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Weldon Heyburn

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Weldon Heyburn
Born
Weldon Heyburn Franks

September 19, 1903
Washington, D.C., U.S. (uncertain)
DiedMay 18, 1951 (aged 47)
NationalityAmerican
OccupationActor
Years active1924–1950
Spouse(s)
Phyllis Connard
(m. 1924; div. 1926)

(m. 1932; annulled 1936)

Jane Eichelberger
(m. 1936; div. 1939)

Virginia Maggard
(m. 1939; div. 1941)

Weldon Heyburn (born Weldon Heyburn Franks,[1] September 19, 1903 – May 18, 1951) was an American character actor and bit player.

Early years

The son of Marie Pierce and United States Army Col. Wyatt G. Franks,[2] Heyburn was born in Washington, D.C.[3] (Another source says he was born in Selma, Alabama or Delaware City, Delaware)[2][4]

Heyburn attended Central High School and Emerson Institute in Washington, D.C., before attending the University of Alabama.[5]

In the 1920s, Heyburn represented himself as "the son of Charles Heyburn, judge of the United States Supreme Court" and "the nephew of Weldon Heyburn, the late Senator of Iowa."[6] The senator's niece denied any kinship, saying in 1925 that Heyburn was "an impostor if he persists in his claims," with other members of the family supporting her assertion.[7]

Stage

In the mid 1920s, Heyburn was the "leading man in a Lansing, Mich., stock company."[8] His Broadway credits include The Mystery Man (1927), Troyka (1930, Good Men and True (1935), and I Want a Policeman (1936).[9]

Film

In 1931, Heyburn ventured into film. An August 31, 1931, newspaper article reported, "After playing leading man for such stage stars as Jeanne Eagels, Lenore Ulric and Mary Boland, he has given up the stage to become a feature screen player like his roommate and fellow gridiron player, John Mack Brown."[10]

Military Service

During World War II, Heyburn served in the U.S. Army Signal Corps.

Personal life

In 1924, Heyburn married actress Phyllis Connard. They divorced October 15, 1926.[8]

Heyburn married Norwegian star Greta Nissen March 30, 1932,[11] in Tijuana, Mexico.[12] They met when they appeared together in The Silent Witness (1932),[2] she as the female lead, he as an unbilled player. On October 19, 1935, Nissen went to court to have the marriage annulled, "charging their marriage ... was illegal and violated legal witness and residence requirements."[13] The annulment was granted April 30, 1936.[14]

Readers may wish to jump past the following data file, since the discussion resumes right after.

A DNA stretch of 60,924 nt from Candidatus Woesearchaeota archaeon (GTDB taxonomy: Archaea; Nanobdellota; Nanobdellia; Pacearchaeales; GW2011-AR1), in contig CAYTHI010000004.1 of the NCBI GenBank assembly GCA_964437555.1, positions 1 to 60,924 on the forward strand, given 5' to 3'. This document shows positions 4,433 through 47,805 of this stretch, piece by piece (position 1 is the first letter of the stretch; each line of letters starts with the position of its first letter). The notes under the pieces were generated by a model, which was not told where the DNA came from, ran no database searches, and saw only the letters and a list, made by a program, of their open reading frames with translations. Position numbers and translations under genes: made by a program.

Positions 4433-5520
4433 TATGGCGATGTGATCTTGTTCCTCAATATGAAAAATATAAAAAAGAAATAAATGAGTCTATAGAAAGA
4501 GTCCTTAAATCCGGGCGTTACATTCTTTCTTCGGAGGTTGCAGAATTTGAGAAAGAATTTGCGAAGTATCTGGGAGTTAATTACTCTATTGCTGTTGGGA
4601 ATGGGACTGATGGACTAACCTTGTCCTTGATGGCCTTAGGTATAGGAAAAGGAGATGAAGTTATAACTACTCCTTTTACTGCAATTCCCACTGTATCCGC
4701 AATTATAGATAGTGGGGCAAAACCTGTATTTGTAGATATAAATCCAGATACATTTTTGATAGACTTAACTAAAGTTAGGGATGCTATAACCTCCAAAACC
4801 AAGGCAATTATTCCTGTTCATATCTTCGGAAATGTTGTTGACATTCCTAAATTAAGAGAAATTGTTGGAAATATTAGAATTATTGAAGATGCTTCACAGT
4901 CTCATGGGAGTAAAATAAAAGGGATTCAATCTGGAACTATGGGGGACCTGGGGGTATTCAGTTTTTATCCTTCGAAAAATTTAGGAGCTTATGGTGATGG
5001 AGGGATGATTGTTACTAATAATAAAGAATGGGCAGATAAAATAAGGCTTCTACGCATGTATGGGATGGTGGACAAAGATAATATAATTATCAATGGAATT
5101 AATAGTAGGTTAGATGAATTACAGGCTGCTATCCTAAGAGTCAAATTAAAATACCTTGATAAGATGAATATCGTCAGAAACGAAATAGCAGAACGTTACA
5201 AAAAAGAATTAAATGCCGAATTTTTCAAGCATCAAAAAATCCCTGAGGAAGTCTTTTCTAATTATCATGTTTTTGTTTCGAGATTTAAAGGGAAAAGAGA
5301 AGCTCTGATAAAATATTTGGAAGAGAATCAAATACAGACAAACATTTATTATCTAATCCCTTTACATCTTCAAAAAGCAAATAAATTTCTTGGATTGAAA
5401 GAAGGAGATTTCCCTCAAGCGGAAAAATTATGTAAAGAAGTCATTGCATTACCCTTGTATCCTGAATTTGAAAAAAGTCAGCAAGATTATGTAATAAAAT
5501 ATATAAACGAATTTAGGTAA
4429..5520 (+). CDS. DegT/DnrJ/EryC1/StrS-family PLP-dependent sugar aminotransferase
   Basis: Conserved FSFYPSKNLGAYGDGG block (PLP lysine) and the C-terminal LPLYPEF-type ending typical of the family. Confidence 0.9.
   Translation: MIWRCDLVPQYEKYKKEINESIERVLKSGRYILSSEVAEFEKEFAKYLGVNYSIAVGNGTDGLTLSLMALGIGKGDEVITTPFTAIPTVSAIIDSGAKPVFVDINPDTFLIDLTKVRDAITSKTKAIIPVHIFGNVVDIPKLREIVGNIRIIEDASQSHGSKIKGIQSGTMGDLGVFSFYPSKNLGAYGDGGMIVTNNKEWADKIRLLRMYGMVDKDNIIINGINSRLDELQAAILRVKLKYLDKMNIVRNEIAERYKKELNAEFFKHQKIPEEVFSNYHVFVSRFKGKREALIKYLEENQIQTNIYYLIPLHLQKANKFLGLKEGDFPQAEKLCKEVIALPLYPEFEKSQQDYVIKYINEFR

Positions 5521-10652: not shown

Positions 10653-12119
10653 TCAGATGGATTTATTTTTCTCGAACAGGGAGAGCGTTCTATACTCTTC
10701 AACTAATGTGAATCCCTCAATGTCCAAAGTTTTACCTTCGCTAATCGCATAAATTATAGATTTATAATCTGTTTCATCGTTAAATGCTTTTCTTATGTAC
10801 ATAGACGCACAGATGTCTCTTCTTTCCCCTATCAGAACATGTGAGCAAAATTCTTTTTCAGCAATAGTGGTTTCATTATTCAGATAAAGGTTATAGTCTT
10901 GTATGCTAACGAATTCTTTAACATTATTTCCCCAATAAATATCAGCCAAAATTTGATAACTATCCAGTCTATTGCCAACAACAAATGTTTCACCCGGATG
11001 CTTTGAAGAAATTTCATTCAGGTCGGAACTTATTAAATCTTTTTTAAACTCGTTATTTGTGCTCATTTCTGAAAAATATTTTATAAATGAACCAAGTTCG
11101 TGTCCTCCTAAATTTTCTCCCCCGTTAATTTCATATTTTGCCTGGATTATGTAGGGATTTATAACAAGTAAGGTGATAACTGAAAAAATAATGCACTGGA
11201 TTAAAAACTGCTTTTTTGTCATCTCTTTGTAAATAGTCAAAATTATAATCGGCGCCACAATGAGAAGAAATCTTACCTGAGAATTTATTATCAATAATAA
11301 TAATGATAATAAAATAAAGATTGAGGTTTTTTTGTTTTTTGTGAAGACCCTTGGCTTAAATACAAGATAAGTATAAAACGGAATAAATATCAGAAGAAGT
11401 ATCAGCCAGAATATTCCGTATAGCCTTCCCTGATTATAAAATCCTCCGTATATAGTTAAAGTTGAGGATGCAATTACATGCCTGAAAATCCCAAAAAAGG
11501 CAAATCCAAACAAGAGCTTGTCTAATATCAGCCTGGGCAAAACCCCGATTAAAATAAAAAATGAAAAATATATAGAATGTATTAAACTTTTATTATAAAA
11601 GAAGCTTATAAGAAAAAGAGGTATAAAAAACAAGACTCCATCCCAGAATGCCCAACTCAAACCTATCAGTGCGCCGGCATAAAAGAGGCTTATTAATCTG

Heyburn married Jane Eichelberger ("prominent socially in New York and Cleveland") on May 5, 1936, at Heyburn's home in Brentwood, California.[15] They divorced in 1939. His last marriage was to socialite Virginia Maggard in September 1939. He was divorced when he enlisted in the U.S. Army in May 1942.

He also had relationships with actress Grace Brinkley and debutante Dorothy McCallam.

Death

A drinking problem effectively ended his career in the mid-1940s and his health rapidly declined. He entered the Veterans Administration Hospital in Los Angeles suffering from cancer of the mouth, right adrenal and kidney and died there of pneumonia.

Partial filmography

Heyburn appeared in about 65 films from 1930 through 1950. They include:

References

  1. ^ "Here's Gossip, Lowdown". Pennsylvania, Shamokin. Shamokin News-Dispatch. March 26, 1932. p. 4. Retrieved February 5, 2016 – via Newspapers.com. open access
  2. ^ a b c "Greta Nissen To Wed Weldon Heyburn Today". Pennsylvania, Wilkes-Barre. The Wilkes-Barre Record. March 30, 1932. p. 20. Retrieved February 5, 2016 – via Newspapers.com. open access
  3. ^ Wagner, Laura (Winter 2015). "Weldon Heyburn: "He Panics the Women"". Films of the Golden Age (83): 68–69.
  4. ^ https://www.b-westerns.com/villain45.htm
  5. ^ "College Athlete in 'Pagan Lady'". New York, Brooklyn. The Brooklyn Daily Eagle. February 8, 1931. p. 32.
  6. ^ "Back Home". New York, Brooklyn. The Brooklyn Daily Eagle. September 23, 1928. p. 66. Retrieved February 6, 2016 – via Newspapers.com. open access
  7. ^ "Weldon Heyburn May Be Real Name". Spokane Daily Chronicle. December 5, 1925. p. 6. Retrieved 6 February 2016.
  8. ^ a b "Actress Gets Divorce". Pennsylvania, Harrisburg. Harrisburg Telegraph. October 16, 1926. p. 1. Retrieved February 5, 2016 – via Newspapers.com. open access
  9. ^ "Weldon Heyburn". Playbill Vault. Retrieved 6 February 2016.
  10. ^ "Player". South Carolina, Gaffney. The Gaffney Ledger. August 29, 1931. p. 5. Retrieved February 6, 2016 – via Newspapers.com. open access
  11. ^ "Greta Nisson to Become Bride of Hollywood Actor". Oregon, Klamath Falls. The Klamath News. March 30, 1932. p. 1. Retrieved February 5, 2016 – via Newspapers.com. open access
  12. ^ "Greta Nissen and Weldon Heyburn Are Honeymooning". Nebraska, Lincoln. The Lincoln Star. March 31, 1932. p. 9. Retrieved February 5, 2016 – via Newspapers.com. open access
  13. ^ "Greta Nissen Sues To Annul Marriage". California, Oakland. Oakland Tribune. October 20, 1935. p. 5. Retrieved February 5, 2016 – via Newspapers.com. open access
  14. ^ "Marriage Ends". Texas, Lubbock. Morning Avalanche. April 30, 1936. p. 2. Retrieved February 5, 2016 – via Newspaperarchive.com.
  15. ^ "Actor and Socialite Marry in Hollywood". Utah, Salt Lake City. The Salt Lake Tribune. May 6, 1936. p. 8. Retrieved February 5, 2016 – via Newspapers.com. open access
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Weldon Heyburn
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